Echeveria is a genus of plants in the Crassulaceae family, beloved for their basal rosettes of thick, fleshy leaves arranged in perfectly geometric patterns. Native to desert regions of North, Central, and South America, echeveria is slow growing, rarely exceeding a foot in height or diameter. These plants produce tall, graceful spikes of peach or yellow flowers that can nearly double the plant’s height when blooming. A large selection of species and cultivars are available. Their colorful leaves can be rounded or pointed, ranging from hues of dusty green-blue to shades of pink, purple and red. Taking care of echeveria is easy and rewarding for beginners and experienced growers alike.
Echeveria Sunlight Requirements
Echeveria needs bright indirect to bright direct light. Place your echeveria near a south- or west-facing window, where it will receive the most sunlight. It is important that echeveria gets at least 4-6 hours of sunlight per day; anything less than this will lead to weak, elongated growth as the plants search for light. Etiolated (stretched) echeverias are prone to leaning and breakage, and may lose their color due to lack of chlorophyll from insufficient light. Echeverias are also less likely to bloom if they are situated in low light environments. Be sure that your echeveria does not receive too much direct afternoon sun without proper acclimation, as this could cause sunburn on the leaves.
Echeveria requires soil that is well drained and somewhat acidic. Choose a commercially available cacti potting mix, or make your own using a standard peat-based mix with equal parts sand and perlite. Select a pot that is about a half inch to an inch wider than the rosette of leaves. Only pot or transplant your echeveria when the soil is completely dry, and refrain from watering immediately after potting. This helps to prevent root rot from overwatering and transplant shock. Repot your echeveria every 2-3 years when it has outgrown its current pot.
As succulents, echeverias have specialized cells that store water, which helps them survive in their native desert environment. Water your echeveria whenever the soil is completely dry. A good method of watering echeveria is to water it until liquid starts to flow from the pot’s drainage holes. Empty the water from the drainage tray, as standing water can lead to rot and attract pests. Allow your plant to completely dry out in between watering.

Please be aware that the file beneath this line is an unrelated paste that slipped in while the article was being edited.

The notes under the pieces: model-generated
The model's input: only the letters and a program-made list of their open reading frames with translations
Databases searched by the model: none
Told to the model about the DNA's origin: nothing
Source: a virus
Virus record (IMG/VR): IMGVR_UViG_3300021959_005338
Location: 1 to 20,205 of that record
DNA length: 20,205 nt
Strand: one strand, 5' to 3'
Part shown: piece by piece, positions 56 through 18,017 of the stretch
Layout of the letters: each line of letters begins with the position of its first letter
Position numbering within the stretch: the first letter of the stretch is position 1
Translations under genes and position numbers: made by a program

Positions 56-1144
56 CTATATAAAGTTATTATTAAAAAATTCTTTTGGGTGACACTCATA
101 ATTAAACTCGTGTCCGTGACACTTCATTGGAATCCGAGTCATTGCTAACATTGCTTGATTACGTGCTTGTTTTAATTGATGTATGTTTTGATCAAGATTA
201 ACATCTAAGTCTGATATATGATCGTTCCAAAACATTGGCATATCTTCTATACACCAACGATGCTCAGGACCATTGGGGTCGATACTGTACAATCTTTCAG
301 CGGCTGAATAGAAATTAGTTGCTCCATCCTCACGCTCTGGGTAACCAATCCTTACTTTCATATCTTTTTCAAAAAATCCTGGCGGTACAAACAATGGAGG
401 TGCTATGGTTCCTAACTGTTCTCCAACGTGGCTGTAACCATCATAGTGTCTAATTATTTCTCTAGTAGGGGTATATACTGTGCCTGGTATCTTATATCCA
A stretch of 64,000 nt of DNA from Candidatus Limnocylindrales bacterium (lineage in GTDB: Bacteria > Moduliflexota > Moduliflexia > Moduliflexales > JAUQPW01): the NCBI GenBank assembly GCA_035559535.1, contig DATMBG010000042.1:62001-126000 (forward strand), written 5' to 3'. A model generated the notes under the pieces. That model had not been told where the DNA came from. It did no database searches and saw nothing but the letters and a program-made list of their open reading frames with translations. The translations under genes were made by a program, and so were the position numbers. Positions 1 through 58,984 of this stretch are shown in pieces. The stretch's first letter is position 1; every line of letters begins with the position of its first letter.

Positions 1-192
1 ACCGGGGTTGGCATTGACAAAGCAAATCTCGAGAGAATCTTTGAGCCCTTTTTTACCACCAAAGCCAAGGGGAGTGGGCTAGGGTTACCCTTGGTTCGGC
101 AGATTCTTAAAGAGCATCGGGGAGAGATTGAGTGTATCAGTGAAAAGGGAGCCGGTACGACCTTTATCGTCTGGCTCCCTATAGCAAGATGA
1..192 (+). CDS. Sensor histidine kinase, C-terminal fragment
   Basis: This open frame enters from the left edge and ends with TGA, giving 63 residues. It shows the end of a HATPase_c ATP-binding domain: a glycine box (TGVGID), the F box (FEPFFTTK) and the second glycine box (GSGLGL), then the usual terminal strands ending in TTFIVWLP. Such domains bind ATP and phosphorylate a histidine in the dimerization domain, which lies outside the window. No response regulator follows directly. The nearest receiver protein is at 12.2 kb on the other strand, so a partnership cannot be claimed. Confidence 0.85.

Echeveria will generally need to be watered every 7-12 days in the spring and summer months, and about once per month in fall through winter. Wrinkled, dry leaves are the primary symptom of underwatering, while mushy, brown, or leaking leaves and stems are a sign of rot from overwatering. Avoid placing your echeveria in a location with high humidity, such as a bathroom, as this can contribute to rot.
Regular fertilization is not necessary for echeveria. These plants have evolved in nutrient-poor soils, and are susceptible to leaf tip burn from excessive nutrients. If desired, echeverias can be fertilized just once per year during the active growth season of early spring. Choose a low-strength fertilizer formulated for succulents. A well-balanced, slow-release fertilizer diluted to a half or third strength works too.
Common Echeveria Problems
Root rot from overwatering is the most common cause of death in echeveria. If you notice signs of root rot, try to propagate the plant from healthy leaves or above the rotted stem. Yellowing or browning leaves are also usually caused by problems with watering. Be sure to check the soil and adjust your irrigation schedule. Occasionally, the lower leaves of echeveria may turn brown and dry. This is normal, as the older, lower leaves die back to divert energy towards fresh new growth. Echeverias that are leggy and etiolated cannot be fixed back to their original form; propagate them from leaf cuttings and grow in bright light.
Echeverias are susceptible to common houseplant pests, such as fungus gnats, spider mites, scale, and mealybugs. Use a horticultural oil on the stems, leaves, and leaf undersides to get rid of these pests. Diatomaceous earth or biological controls work well for fungus gnat larvae. Echeveria may also be prone to fungal disease from overwatering or high humidity. Treat with a household-safe fungicide and remove any infected leaves.
Echeverias can be easily propagated from stem or leaf cuttings. Using your fingers or scissors, cut off several healthy leaves or stems from the main plant. Place them in a dry location to callus over for several days. Next, place the cuttings in a tray of slightly moistened cacti mix. Eventually, a tiny rosette will form at the base of the leaf cuttings. Do not remove the shriveling leaf from the little rosette, as it is important for providing energy to the new plant. Often, echeveria will produce offshoots at the base of the mother plant. These offshoots can be propagated using the stem and leaf cutting method above. Rarely, echeverias can be propagated from seed. Barely cover the seeds evenly across a tray of well-drained potting mix. Keep the soil consistently moist under bright indirect light, and expect germination in several weeks.
Growing Echeveria Outdoors
Echeveria is hardy in USDA zones 9-12. In colder regions, it can be moved outdoors through the summer months, as it enjoys temperatures between 60-80°F. Move your echeveria inside whenever there is danger of frost, as it may lead to death or damage from cell expansion. Outdoor echeverias should be watered about once per week, and more often during hot, dry spells. Acclimate your indoor echeveria to outdoor sunlight by exposing it to direct sunlight for a few hours a day, gradually increasing exposure as time goes on. Examine your plant for any signs of pests when it is time to move it back inside.
Lauren Youngcourt - Published 03-01-2023